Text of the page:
The violent storm that caused damage in Heredia Thursday afternoon may be a normal occurrence in the coming weeks, according to the national weather service, the Instituto Meteorológico Nacional (IMN).
Meteorologist Gabriela Chinchilla explains that the high temperatures in the morning and the crossing winds, are the cause of the heavy rains and strong winds, winds violent enough to cause damage to property.
Events like Thursday are not unusual, particularly when all the elements converge in a densely populated area.
For the coming days and weeks, the IMN expects typical hot sunny mornings with rainy afternoons. Weather experts warn people to take precautionary measures to avoid injury and damage
Electrical discharges – lightning – usually is part of the heavy thunderstorms.
Thunderstorms & Lightning
All thunderstorms are dangerous. Every thunderstorm produces lightning. While lightning fatalities have decreased, lightning continues to be one of the top storm-related killers. Although most lightning victims survive, people struck by lightning often report a variety of long-term, debilitating symptoms.
Other associated dangers of thunderstorms include tornadoes, strong winds, hail and flash flooding.
To prepare for a thunderstorm, you should do the following:
- Remove dead or rotting trees and branches that could fall and cause injury or damage during a severe thunderstorm.
- Postpone outdoor activities.
- Remember the 30/30 Lightning Safety Rule: Go indoors if, after seeing lightning, you cannot count to 30 before hearing thunder. Stay indoors for 30 minutes after hearing the last clap of thunder.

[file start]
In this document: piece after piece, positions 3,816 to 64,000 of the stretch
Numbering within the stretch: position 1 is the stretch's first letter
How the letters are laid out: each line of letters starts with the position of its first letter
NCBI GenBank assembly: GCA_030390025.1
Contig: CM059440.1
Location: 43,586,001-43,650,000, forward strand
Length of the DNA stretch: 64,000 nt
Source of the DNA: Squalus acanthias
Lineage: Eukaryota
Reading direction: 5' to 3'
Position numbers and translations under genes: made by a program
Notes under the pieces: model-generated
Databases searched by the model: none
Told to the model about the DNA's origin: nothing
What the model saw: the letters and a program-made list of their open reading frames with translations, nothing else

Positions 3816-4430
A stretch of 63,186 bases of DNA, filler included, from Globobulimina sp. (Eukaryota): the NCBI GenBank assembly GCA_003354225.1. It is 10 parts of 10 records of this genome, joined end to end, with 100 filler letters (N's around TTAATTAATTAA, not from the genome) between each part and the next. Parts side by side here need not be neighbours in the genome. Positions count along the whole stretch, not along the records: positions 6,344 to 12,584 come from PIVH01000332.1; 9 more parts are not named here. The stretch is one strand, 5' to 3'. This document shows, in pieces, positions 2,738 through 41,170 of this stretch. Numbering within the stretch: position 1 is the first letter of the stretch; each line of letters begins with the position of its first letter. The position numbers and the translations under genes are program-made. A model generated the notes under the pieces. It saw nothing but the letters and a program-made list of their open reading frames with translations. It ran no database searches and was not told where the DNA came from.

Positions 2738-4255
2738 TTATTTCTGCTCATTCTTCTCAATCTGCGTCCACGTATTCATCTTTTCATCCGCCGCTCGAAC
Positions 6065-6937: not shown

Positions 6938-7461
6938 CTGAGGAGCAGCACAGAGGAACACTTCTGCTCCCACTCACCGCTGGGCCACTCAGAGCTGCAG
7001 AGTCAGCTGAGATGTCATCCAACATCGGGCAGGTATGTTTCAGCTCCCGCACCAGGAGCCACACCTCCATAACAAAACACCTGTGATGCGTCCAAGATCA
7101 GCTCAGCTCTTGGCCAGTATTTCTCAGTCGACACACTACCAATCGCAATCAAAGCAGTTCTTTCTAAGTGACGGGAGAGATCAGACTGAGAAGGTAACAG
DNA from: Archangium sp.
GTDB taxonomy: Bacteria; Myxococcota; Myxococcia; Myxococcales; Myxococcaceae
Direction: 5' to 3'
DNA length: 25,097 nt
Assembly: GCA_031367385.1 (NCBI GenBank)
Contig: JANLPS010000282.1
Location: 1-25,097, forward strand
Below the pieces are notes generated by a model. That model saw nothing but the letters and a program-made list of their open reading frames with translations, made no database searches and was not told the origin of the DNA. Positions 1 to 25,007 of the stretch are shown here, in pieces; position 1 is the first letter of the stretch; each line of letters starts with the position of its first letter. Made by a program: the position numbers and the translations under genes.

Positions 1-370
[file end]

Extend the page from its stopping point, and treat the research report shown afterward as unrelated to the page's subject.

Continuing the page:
- Secure outdoor objects that could blow away or cause damage.
- Get inside a home, building, or hard top automobile (not a convertible). Although you may be injured if lightning strikes your car, you are much safer inside a vehicle than outside.
- Remember, rubber-soled shoes and rubber tires provide NO protection from lightning. However, the steel frame of a hard-topped vehicle provides increased protection if you are not touching metal.
- Shutter windows and secure outside doors. If shutters are not available, close window blinds, shades or curtains.
- Unplug any electronic equipment well before the storm arrives.
Facts about Lightning
- Lightning’s unpredictability increases the risk to individuals and property.
- Lightning often strikes outside of heavy rain and may occur as far as 10 miles away from any rainfall.
- “Heat lightning” is actually lightning from a thunderstorm too far away from thunder to be heard. However, the storm may be moving in your direction.
- Most lightning deaths and injuries occur when people are caught outdoors in the summer months during the afternoon and evening.
- Your chances of being struck by lightning are estimated to be 1 in 600,000 but could be reduced even further by following safety precautions.
- Lightning strike victims carry no electrical charge and should be attended to immediately.